Incident Prevention Magazine

4 minutes reading time (867 words)

Aerial Lifts

Whatever you call your boom-supported lift – an aerial lift, bucket truck, cherry picker or the like – the purpose of the device is the same: to get people to elevated work positions. Even though aerial lifts allow elevated work tasks to be performed with ease, comfort and safety, improper lift operation can quickly result in injury and death. The following is an overview of aerial lift safety.

The Basics
When ladders, scaffolds or stairs are needed to access an elevated position, an aerial lift can easily answer the need. Aerial lifts are mobile, designed to reach various heights and easy to use. The design solves two main problems – mobility and the ability to reach high places – but the solution also creates two major risks that must be addressed every time the aerial lift is put into use. Failure to address these risks results in serious injury and death. As current statistics show, a dozen or more people die every year from improper aerial lift setup and use.

The Risks
Vehicle mobility is the first risk. Lifts are powered pieces of equipment designed to easily move about the job site. With any kind of mobile equipment, the issue of safe operation while in motion must be an operator’s first and foremost concern.

The second risk is the three-dimensional operation of the boom. To allow the bucket or basket to be placed at the exact location of work, three specific movements must occur while deploying the boom:
1. Rotation of the boom: The boom’s ability to rotate 360 degrees around the vehicle.
2. Extension of the boom: The boom’s ability to move outward and inward.
3. Articulation of the boom: Boom movement at joints that connect the boom assembly.

The combination of these two risks seriously compounds the hazards and creates situations that will create opportunities for harm.

Most common causes of death involve electrocutions, falls and aerial lift tip-overs. Other causes of injury include being caught between the lift bucket/guardrail and an object in the work environment like a steel beam, joist or wall. Being struck by falling objects is another common hazard for people working near an aerial lift operation.

Other overhead hazards include power lines, support structures, walls, roofs and ceilings. Environmental factors such as wind, lightning and confined space compound the risk of hazards.

Addressing Risks and Ensuring Safe Operation
Inspection of critical parts and components should include:
• Operator and emergency controls
• Safety devices, outriggers and rails
• Wheels, tires and brakes
• Engine or motor

Specifically look for:
• Air and fluid leaks and loose or missing parts
• Fall protection anchorage and condition of harness and lanyard
• Systems interlocks that prevent the machine from moving while elevated

On travel routes at job locations and work areas:
• Check the work zone for potholes, bumps, obstacles, objects that could get caught in the lift mechanism and overhead hazards.
• Stay at least 10 feet (3 meters) from power lines unless trained, qualified and working from equipment that provides electrical contact protection.

Use of an Aerial Lift
• Always close lift platform chains or doors.
• Stand on the floor of the bucket or lift platform. Do not climb on or lean over guardrails.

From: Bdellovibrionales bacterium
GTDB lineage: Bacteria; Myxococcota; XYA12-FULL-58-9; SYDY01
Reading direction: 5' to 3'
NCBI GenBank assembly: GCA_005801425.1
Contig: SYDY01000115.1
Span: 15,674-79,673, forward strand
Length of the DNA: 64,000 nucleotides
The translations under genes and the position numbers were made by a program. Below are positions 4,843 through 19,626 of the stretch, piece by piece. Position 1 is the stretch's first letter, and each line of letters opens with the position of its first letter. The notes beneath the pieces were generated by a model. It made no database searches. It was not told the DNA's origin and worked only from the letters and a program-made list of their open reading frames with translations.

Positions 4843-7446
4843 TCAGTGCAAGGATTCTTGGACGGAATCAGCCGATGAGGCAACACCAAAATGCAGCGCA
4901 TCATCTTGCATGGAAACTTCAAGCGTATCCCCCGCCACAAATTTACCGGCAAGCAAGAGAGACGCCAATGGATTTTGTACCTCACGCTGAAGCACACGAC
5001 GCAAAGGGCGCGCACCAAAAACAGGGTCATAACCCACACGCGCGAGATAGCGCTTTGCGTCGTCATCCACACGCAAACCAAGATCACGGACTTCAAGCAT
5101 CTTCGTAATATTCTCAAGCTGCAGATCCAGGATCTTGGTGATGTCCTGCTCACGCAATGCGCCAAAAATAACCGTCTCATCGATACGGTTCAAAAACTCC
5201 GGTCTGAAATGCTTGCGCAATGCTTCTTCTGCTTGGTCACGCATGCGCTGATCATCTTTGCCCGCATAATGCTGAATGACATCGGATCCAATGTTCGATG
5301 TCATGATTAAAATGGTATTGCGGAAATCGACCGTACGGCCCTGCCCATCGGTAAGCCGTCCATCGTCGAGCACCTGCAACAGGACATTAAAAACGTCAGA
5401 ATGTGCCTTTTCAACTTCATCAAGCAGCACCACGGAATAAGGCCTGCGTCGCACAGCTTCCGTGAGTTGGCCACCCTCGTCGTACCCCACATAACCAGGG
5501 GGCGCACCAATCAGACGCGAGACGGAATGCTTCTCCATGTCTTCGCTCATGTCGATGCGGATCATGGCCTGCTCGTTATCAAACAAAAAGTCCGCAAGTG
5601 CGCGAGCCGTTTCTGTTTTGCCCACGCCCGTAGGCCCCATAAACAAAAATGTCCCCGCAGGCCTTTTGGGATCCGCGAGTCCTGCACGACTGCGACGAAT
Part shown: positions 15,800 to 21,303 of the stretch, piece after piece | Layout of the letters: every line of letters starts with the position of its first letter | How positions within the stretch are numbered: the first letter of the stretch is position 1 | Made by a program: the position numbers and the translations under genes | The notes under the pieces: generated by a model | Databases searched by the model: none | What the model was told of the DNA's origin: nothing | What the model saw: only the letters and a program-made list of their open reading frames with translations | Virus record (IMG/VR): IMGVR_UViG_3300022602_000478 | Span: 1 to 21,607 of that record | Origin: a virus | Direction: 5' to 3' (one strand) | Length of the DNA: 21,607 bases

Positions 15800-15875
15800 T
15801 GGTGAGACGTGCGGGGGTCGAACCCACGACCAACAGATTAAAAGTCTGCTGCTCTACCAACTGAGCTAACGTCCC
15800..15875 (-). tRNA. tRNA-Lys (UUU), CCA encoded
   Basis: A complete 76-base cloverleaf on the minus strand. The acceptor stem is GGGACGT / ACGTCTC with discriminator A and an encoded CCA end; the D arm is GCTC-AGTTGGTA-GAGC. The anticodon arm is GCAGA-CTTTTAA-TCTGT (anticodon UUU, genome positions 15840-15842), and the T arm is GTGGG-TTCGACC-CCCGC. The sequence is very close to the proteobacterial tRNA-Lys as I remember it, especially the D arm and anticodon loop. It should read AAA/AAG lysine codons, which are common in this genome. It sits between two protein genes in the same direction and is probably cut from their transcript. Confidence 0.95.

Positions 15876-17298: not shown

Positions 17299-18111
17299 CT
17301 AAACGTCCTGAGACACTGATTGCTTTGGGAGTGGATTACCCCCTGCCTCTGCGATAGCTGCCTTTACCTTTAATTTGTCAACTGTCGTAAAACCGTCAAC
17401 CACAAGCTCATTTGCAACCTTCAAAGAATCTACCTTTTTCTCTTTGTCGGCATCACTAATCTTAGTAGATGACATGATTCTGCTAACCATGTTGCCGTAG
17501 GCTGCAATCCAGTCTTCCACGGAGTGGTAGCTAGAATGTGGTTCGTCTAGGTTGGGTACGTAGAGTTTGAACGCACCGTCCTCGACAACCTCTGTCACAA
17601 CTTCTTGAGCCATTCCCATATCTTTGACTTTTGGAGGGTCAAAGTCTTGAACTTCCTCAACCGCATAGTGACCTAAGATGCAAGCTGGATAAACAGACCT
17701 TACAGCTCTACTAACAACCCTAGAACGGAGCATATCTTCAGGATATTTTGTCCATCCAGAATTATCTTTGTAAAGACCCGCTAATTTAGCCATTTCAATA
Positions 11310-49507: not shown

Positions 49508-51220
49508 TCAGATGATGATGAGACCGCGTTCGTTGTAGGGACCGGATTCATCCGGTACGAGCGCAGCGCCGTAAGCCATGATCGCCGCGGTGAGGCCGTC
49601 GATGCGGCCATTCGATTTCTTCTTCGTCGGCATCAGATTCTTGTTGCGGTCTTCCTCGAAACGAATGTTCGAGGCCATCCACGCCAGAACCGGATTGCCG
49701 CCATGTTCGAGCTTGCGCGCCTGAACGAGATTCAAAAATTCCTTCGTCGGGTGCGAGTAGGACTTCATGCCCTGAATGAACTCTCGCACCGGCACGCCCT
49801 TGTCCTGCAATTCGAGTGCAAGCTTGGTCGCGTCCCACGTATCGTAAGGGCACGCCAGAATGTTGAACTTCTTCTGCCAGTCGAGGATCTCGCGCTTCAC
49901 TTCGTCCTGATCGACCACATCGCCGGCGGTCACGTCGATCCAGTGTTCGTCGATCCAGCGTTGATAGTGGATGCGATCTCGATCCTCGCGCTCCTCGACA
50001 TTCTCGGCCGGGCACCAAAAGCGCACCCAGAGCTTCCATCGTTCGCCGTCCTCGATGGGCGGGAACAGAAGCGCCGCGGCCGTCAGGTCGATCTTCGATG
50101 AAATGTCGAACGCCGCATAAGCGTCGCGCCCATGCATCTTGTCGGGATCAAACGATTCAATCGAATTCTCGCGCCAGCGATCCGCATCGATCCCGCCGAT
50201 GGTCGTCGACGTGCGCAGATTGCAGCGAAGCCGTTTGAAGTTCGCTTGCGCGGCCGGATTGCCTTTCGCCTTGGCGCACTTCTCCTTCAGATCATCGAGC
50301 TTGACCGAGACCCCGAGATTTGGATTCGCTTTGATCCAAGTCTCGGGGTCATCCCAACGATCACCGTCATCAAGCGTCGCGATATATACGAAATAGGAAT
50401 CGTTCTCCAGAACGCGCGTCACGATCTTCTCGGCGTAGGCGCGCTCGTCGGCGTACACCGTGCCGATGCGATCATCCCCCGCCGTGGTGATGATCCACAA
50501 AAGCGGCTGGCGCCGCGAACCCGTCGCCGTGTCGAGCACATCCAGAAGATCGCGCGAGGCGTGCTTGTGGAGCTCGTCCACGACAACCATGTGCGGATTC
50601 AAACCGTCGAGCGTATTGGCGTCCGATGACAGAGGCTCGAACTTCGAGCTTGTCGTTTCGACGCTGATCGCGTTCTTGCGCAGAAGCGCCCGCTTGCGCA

• Do not exceed manufacturer’s load-capacity limits (including the weight of such things as bucket liners and tools).
• If working near traffic, set up work zone warnings, like cones and signs.

To prevent electrocutions:
• Non-electrical workers must stay at least 10 feet away from overhead power lines.
• Electrical workers must de-energize/insulate power lines or use proper personal protective equipment and tools.
• Insulated buckets protect from electrocution due to electric current passing through you and the boom to ground. An insulated bucket does not protect if there’s another path to ground – for instance, if you touch another wire.

To prevent falls:
To help keep workers inside guardrails or in buckets, OSHA requires either a full-body harness or a positioning device on bucket trucks and boom-supported lifts. OSHA accepts a positioning device (belt) with a short lanyard if there is an anchorage inside the bucket.

To prevent tip-overs:
• Check the manufacturer’s instructions.
• Do not drive with the lift platform elevated unless the manufacturer approves and your travel route is clear of hazard.
• Do not exceed vertical or horizontal reach limits or the specified load capacity of the lift.

Proper Training
A qualified person must train all users. The training shall include:
• Information about all electrical, fall and falling-object hazards
• Procedures for dealing with hazards
• How to operate the lift correctly, including maximum intended load and load capacity. Users must show they know how to use the lift.
• Manufacturer requirements

Note: If hazards change, the type of aerial lift changes or a worker is not properly operating a lift, workers must be retrained.

Safe Maintenance
• De-energize and lockout/tagout aerial lifts before any maintenance is or repairs are performed.
• Each aerial lift must be inspected as the manufacturer requires, or at least every three months or after 150 hours of use, whichever comes first.

By following these simple rules, many serious injuries can be prevented!

video
How Good Are Your Tailgates?
Soil Resistivity Testing & Grounding System Design...

Related Posts

 

Comments

No comments made yet. Be the first to submit a comment
Guest
Monday, 09 December 2019

Captcha Image

KNOWLEDGE, INSIGHT & STRATEGY FOR UTILITY SAFETY & OPS PROFESSIONALS

Incident Prevention is produced by Utility Business Media, Inc.

360 Memorial Drive, Suite 10, Crystal Lake, IL 60014 | 815.459.1796 | This email address is being protected from spambots. You need JavaScript enabled to view it.
© 2004 - 2019 Incident Prevention. All Rights Reserved.